LICHTENBAUM, JOSEPH (1895–1968), Hebrew writer. Born in Warsaw, Lichtenbaum moved to Moscow, where he was one of the co-founders of *Habimah in 1918. In 1920 he immigrated to Ereẓ Israel. He published poems and essays on writers and books of both Hebrew and general literature, and also translated a great deal of poetry and prose from world literature. Among his works are Sefer ha-Shirim (1944); Sha'ul Tchernichowsky (1946, 1953); Sofereinu (1949); Soferei Yisrael (1959 and after); Bi-Netivei Sifrut (1962), essays and reflections; Sifrutenu ha-Ḥadashah (1963), the development of poetry and prose in Hebrew literature; Meshorerim Olamiyyim (1966); and Yosef Ḥayyim Brenner (1967). He also published anthologies, including Ha-Sippur ha-Ivri ("The Hebrew Story," vol. 1 (1955), from Mapu to Shneur; vol. 2 (1960), from Burla to the present) with an introduction in each volume discussing the development of the Hebrew story; Tekumah (1958), Israel poetry and prose, including bibliographical notes; andShiratenu (2 vols. (1962), from M.Ḥ. Luzzatto to Bialik, and from Bialik to the present) including an introduction on the development of modern Hebrew poetry.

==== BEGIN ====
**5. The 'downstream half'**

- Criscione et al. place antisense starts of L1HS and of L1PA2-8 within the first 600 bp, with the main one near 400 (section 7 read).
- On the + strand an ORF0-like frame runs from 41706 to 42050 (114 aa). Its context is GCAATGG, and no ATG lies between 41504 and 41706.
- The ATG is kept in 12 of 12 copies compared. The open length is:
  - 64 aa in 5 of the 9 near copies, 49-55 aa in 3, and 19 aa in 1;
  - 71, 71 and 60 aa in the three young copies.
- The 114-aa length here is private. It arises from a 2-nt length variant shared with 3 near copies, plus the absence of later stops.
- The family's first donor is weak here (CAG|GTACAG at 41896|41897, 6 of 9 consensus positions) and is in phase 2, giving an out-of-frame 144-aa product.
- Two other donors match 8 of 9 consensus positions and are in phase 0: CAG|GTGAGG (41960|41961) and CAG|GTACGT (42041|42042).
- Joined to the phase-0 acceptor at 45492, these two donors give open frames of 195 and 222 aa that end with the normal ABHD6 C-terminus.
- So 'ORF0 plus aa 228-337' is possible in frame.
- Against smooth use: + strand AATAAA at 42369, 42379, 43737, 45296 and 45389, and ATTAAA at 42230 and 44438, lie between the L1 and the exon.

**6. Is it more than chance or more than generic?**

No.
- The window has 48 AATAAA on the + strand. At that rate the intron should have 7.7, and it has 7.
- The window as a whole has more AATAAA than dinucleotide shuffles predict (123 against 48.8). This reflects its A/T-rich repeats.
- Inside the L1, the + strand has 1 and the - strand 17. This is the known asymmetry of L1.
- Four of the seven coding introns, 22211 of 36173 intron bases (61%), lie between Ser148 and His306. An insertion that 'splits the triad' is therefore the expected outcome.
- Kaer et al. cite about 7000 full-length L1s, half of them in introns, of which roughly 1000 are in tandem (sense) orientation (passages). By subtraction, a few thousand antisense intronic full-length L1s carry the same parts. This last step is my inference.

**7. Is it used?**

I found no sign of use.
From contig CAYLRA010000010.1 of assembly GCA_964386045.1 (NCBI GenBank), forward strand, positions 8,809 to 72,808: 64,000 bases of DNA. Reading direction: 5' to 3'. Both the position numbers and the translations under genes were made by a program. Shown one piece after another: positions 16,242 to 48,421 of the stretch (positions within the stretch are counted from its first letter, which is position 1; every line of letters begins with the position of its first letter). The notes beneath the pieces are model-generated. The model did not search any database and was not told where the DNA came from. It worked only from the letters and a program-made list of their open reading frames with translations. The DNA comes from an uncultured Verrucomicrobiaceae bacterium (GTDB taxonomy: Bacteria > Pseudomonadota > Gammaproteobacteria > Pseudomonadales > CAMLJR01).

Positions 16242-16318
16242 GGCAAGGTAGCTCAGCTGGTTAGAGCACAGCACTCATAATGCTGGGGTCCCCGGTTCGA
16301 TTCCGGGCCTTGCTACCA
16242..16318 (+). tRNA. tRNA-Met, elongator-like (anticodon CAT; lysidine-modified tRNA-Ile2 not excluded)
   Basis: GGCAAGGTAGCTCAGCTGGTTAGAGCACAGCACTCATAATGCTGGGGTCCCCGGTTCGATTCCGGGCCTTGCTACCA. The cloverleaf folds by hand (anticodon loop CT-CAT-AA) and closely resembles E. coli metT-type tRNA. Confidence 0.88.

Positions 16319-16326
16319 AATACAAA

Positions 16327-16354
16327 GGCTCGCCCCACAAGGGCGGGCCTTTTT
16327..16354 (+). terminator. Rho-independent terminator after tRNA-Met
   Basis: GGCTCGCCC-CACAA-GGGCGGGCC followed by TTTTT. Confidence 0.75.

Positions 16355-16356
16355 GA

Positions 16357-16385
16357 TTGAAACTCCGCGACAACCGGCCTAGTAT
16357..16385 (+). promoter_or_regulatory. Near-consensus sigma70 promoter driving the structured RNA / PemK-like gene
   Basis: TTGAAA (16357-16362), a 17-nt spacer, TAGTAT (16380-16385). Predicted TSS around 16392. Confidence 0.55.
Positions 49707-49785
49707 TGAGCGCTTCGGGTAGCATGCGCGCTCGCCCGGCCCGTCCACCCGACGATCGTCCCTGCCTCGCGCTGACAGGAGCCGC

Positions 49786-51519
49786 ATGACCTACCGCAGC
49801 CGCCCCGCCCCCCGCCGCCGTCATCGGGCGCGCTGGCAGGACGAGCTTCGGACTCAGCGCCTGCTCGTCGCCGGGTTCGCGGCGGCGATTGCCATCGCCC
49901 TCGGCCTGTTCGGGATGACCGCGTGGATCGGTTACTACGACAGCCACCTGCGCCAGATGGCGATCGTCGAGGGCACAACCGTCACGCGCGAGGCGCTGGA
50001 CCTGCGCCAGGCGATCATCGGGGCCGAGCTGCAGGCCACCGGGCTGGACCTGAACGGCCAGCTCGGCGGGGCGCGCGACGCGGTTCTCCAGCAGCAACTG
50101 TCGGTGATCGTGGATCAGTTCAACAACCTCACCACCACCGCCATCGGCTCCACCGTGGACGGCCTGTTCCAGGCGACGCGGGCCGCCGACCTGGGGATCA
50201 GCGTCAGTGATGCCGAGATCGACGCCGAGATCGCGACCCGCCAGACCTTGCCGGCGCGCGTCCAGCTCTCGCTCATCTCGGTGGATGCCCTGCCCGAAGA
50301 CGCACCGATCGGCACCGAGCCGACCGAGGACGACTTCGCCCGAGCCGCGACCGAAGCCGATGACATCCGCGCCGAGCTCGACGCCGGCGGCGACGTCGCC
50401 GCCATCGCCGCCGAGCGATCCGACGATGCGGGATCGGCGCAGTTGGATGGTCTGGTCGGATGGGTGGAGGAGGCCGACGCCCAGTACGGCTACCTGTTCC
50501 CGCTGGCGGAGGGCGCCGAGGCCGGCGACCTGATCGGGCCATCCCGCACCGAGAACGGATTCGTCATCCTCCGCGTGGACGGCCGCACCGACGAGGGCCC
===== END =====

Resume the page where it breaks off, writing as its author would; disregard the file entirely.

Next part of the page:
Kressel, Leksikon, 2 (1967), 264–6.
"Lichtenbaum, Joseph." Encyclopaedia Judaica. . Encyclopedia.com. (August 20, 2018). http://www.encyclopedia.com/religion/encyclopedias-almanacs-transcripts-and-maps/lichtenbaum-joseph
"Lichtenbaum, Joseph." Encyclopaedia Judaica. . Retrieved August 20, 2018 from Encyclopedia.com: http://www.encyclopedia.com/religion/encyclopedias-almanacs-transcripts-and-maps/lichtenbaum-joseph